At press time, there was 1133 cfs of water being exported through the State Water Project’s Harvey O. Banks Pumping Plant and another 566 cfs through the federal Central Valley Project’s Tracy Pumping Plant. That’s a total of 1,699 cfs.
“We’re bringing saltwater critters into the Delta,” quipped Bill Jennings, Executive Director of the California Sportfishing Protection Alliance. “How long will it be before sharks start showing in the Delta?”
Actually, a leopard shark was caught in the American River below Nimbus Dam in the fall of 1977. The angler, thinking he had hooked a salmon, was shocked when he brought the shark up to the bank. Realizing it was a very unusual catch, he quickly brought the shark to Nimbus Fish Hatchery, where they froze the shark so that biologists could examine it.
The state and federal water agencies have mismanaged northern California water so poorly that there was actually a minus 45 cubic feet per second (cfs) net outflow to the Bay this May, as documented by U.S. Geological Survey’s state-of-the-art UVM flow meters on the Sacramento and San Joaquin Rivers and Three-mile and Dutch Slough, Meanwhile, the Department of Water Resources and US Bureau of Reclamation were reporting a plus 3805 cfs.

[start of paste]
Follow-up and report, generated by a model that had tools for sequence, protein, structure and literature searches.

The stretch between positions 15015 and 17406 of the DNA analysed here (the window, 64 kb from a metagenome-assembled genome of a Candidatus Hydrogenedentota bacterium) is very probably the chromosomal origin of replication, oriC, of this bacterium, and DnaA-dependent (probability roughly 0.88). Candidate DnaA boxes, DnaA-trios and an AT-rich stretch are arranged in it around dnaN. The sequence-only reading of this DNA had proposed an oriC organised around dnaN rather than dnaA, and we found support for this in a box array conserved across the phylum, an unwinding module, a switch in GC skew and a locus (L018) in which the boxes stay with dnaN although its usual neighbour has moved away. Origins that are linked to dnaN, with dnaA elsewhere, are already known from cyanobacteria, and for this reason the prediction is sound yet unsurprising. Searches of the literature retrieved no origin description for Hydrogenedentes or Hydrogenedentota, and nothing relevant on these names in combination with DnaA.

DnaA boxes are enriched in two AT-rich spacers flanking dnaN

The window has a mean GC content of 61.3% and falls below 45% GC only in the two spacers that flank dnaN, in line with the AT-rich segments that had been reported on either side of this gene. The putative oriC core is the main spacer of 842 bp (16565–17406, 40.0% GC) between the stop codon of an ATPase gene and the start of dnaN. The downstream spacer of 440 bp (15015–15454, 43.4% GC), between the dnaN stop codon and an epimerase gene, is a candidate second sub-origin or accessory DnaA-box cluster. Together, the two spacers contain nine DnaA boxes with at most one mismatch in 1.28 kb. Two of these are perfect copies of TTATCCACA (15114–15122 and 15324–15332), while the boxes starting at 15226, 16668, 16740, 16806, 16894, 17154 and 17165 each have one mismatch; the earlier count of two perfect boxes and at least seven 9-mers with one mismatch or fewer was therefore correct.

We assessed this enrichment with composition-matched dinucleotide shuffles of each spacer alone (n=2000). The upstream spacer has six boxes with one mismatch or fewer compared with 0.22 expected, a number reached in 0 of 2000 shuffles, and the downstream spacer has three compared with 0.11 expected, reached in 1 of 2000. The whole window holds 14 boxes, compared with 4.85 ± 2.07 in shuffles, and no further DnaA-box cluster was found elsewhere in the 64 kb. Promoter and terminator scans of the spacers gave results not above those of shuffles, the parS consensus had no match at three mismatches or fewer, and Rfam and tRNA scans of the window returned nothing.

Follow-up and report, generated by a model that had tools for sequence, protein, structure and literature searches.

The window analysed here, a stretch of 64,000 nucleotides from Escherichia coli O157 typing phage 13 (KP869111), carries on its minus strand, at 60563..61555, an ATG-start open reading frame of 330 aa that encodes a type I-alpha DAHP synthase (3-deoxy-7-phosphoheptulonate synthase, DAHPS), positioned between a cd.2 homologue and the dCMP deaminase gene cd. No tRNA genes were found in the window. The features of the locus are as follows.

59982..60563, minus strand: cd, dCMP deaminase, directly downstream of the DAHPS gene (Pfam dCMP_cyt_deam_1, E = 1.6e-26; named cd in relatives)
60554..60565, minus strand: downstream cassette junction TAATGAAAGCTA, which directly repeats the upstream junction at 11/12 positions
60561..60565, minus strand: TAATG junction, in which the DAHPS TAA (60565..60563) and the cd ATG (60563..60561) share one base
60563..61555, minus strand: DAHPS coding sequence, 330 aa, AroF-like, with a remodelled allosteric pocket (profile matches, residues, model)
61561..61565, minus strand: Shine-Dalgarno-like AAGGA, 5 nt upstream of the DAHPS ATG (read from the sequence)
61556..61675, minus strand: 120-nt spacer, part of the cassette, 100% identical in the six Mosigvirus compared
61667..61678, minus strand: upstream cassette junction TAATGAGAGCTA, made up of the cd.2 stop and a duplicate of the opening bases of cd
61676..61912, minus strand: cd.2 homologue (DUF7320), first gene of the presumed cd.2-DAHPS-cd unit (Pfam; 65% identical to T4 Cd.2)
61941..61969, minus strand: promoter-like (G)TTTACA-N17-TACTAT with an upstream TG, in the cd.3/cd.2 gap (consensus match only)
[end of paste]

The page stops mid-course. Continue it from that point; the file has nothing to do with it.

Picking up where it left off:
While the Pacific herring population is relatively healthy, the Delta smelt population that lives entirely in the estuary is in dire straits this year.
“Last year, excessive water exports and low outflow drew delta smelt from Suisun Bay into the central Delta where they were butchered by lethal water temperatures," said Bill Jennings. “This year, with population levels hovering at historic lows: excessive transfers and exports, relaxed flow standards, high temperatures and negligible outflows may catapult the species into the abyss of extinction.”
Pacific herring facts: This short-lived coastal pelagic species is found throughout the coastal zone from northern Baja California on the North American coast, around the rim of the North Pacific Basin to Korea on the Asian coast, according to the CDFW. In California, herring are found offshore during the spring and summer months foraging in the open ocean. The largest spawning aggregations in California occur in San Francisco and Tomales bays
Back To Reports
The contents of this site are for the general information, convenience and entertainment of the public. Neither Fish Sniffer nor any of its principals, staff or representatives shall be liable for any consequential or incidental damages, or inconvenience incurred or experienced, related to these contents, and do not warrant their accuracy or reliability.